At present there are huge challenges in recruiting and retaining staff in the healthcare sector, particularly with regard to the therapy professions required in children’s disability services. This is leading to vacant posts in children's disability network teams, CDNTs, across the country. There are 14 CDNTs in Cork-Kerry community healthcare. The location of each aligns with the 14 community healthcare networks. Vacant posts in Cork, excluding special schools, stand at 38 whole-time equivalents. Local HSE officials are actively working with national HSE in recruitment for these posts. Lead agencies have ongoing recruitment campaigns and panels are in place for vacancies.

The measures to enhance recruitment and retention of staff across CDNTs include: target national and international recruitment to include an agreed relocation allowance where appropriate; apprentice and sponsorship programmes for therapy grades; employment of graduates as therapy assistants as they await CORU registration; and the expansion of therapy assistants into the system with HSE supporting individuals to return to education to qualify as therapists. While recruitment efforts proceed, the HSE is also driving a number of initiatives to reduce waiting times for children and families and provide the support they urgently need, such as sourcing therapy assessments and interventions externally via private service providers, to which the Deputy referred. CDNTs have prioritisation systems and caseload management systems, including assessment and intervention pathways in place, ensuring children with the highest priority of needs can access services.

Notwithstanding these challenges, it is important to acknowledge the significant work involved in establishing the CDNTs and the services that are being delivered. Approximately 35,000 children are currently receiving supports and services from these teams across the State. However, there is much more work to do. Funding has been provided to the HSE for additional posts in recent years to strengthen the capacity of CDNTs to ensure services can be provided. This funding provides for more than 600 additional whole-time equivalent posts for children’s teams throughout the country. Vacancies are arising not because of a lack of resources but because of supply issues in the health and social care sector for specialist therapy professionals.

Photo of David StantonDavid Stanton (Cork East, Fine Gael)
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I thank the Minister of State for her response and acknowledge the work the Minister of State, Deputy Rabbitte, is carrying out in this area. A number of issues arise. The externally provided private services, as far as I am aware, in this and other cases were not made known to the parents. If the Minister of State could organise a pathway to be made available and known to parents in such cases, it might resolve issues pretty quickly. If these two boys are not seen for two years, they will be five. Now is the time. Early intervention is vital in these cases.

The Minister of State referred to retention and it may be time to consider a retention bonus for critical staff to hold them in position in the HSE and other services. I know of a number of people leaving these services for all kinds of reasons. It is not always pay; sometimes it is morale, burnout, overwork and so forth. The Minister of State and Department should consider carrying out an assessment, consisting of an interview, questionnaire or whatever, with some of these critical staff to see why they are leaving and what is going on. Pay is a factor, but not always; sometimes it is the way they are being treated and the culture in that organisation.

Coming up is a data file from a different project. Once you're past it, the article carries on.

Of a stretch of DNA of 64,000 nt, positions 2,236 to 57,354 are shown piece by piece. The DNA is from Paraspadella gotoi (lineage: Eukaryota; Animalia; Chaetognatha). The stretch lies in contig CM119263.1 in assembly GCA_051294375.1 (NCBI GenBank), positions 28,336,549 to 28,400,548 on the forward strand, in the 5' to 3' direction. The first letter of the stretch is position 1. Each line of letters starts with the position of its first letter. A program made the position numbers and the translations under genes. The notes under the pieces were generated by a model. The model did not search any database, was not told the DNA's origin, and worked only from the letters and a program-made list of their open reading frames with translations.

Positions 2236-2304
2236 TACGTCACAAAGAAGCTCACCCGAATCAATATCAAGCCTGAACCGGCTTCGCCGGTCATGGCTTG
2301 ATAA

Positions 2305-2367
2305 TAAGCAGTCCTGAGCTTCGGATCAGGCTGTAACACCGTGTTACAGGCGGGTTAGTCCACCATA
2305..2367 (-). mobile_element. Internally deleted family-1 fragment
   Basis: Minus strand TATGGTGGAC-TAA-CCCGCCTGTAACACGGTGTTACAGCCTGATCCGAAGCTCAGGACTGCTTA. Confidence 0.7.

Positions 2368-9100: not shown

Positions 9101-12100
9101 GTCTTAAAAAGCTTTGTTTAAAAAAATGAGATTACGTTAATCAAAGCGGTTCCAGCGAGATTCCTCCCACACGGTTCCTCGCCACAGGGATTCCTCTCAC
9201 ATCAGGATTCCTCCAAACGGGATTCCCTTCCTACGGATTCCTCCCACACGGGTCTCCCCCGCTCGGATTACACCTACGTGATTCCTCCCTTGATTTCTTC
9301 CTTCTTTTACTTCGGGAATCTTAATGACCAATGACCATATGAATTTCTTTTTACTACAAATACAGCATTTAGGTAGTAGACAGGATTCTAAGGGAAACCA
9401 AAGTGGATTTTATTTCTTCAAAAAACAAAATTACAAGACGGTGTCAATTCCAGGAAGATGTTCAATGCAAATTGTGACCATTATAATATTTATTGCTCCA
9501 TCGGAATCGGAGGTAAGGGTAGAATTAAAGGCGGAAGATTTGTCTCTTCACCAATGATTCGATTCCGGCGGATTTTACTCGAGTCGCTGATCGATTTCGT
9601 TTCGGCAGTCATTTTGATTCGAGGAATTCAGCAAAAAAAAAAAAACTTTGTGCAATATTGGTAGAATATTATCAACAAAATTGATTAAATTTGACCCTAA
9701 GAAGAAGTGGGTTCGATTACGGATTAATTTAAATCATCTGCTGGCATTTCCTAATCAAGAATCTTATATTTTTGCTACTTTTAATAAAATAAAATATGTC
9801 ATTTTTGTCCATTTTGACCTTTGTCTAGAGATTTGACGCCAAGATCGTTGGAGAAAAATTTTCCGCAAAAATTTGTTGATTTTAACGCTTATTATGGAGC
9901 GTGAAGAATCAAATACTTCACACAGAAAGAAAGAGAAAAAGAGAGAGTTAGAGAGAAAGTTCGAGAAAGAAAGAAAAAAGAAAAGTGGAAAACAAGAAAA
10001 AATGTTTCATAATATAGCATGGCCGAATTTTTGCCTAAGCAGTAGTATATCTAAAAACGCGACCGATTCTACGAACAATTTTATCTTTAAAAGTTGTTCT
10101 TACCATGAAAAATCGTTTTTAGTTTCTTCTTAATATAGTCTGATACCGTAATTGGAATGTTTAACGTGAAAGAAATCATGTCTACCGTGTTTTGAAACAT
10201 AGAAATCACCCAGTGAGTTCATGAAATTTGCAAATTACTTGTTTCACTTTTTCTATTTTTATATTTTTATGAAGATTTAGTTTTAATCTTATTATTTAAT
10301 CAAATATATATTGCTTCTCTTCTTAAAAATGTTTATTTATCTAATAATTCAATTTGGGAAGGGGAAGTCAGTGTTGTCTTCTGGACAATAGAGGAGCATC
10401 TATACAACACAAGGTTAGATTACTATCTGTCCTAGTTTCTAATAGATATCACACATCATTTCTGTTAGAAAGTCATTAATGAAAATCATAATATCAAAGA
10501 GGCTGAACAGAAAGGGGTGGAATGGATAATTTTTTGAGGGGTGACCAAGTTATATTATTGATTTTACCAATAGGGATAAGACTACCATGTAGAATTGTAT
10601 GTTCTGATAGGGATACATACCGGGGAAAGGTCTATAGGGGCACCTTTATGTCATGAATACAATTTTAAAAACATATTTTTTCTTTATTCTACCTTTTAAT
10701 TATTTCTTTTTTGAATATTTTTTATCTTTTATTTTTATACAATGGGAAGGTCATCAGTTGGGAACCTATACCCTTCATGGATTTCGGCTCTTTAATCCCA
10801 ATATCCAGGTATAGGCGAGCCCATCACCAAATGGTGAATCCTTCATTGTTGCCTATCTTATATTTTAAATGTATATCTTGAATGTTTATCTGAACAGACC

What can I say to the parents of these two boys, who need assistance and support now? Maybe the Minister of State, Deputy Rabbitte, or one of her team can contact me next week to let me know how we can assist them. There are many others. If it is not a matter of resources, let us divert resources to an area through which services such as assessment, supports and therapies can be provided. That is the way to go. I acknowledge the Minister of State said that but it does not seem to be something the parents are being made aware of, and they probably should be.

Photo of Mary ButlerMary Butler (Waterford, Fianna Fail)
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In addition to the funding provided to enhance capacity to the CDNTs in recent years, the Government committed to providing an additional 136 posts in 2022 to facilitate the reinstatement of services in 104 special schools. The allocation for special schools located in Cork is 22 whole-time equivalents and the HSE is actively allocating posts here. Cork-Kerry community healthcare - and this might be important in respect of what the Deputy said about organising a pathway - will establish family forums in each CDNT from March 2023 in line with the CDNT national governance policy. Cork-Kerry community healthcare is committed to ensuring parents' voices are at the centre of CDNT delivery of service and I welcome this approach.

The Deputy used the word "urgent" in raising this issue and he is correct. I assure him and the House that the Minister of State, Deputy Rabbitte, will continue to work tirelessly with the HSE, as will I, to find immediate and lasting solutions to staffing issues, which, when resolved, will ensure children and young people can access the services that are vital for their development. I will ask the Minister of State’s office to contact the Deputy. He might provide the details and we will see if there is anything we can do to expedite the vital supports these two young boys need. I thank him for the manner in which he raised the matter.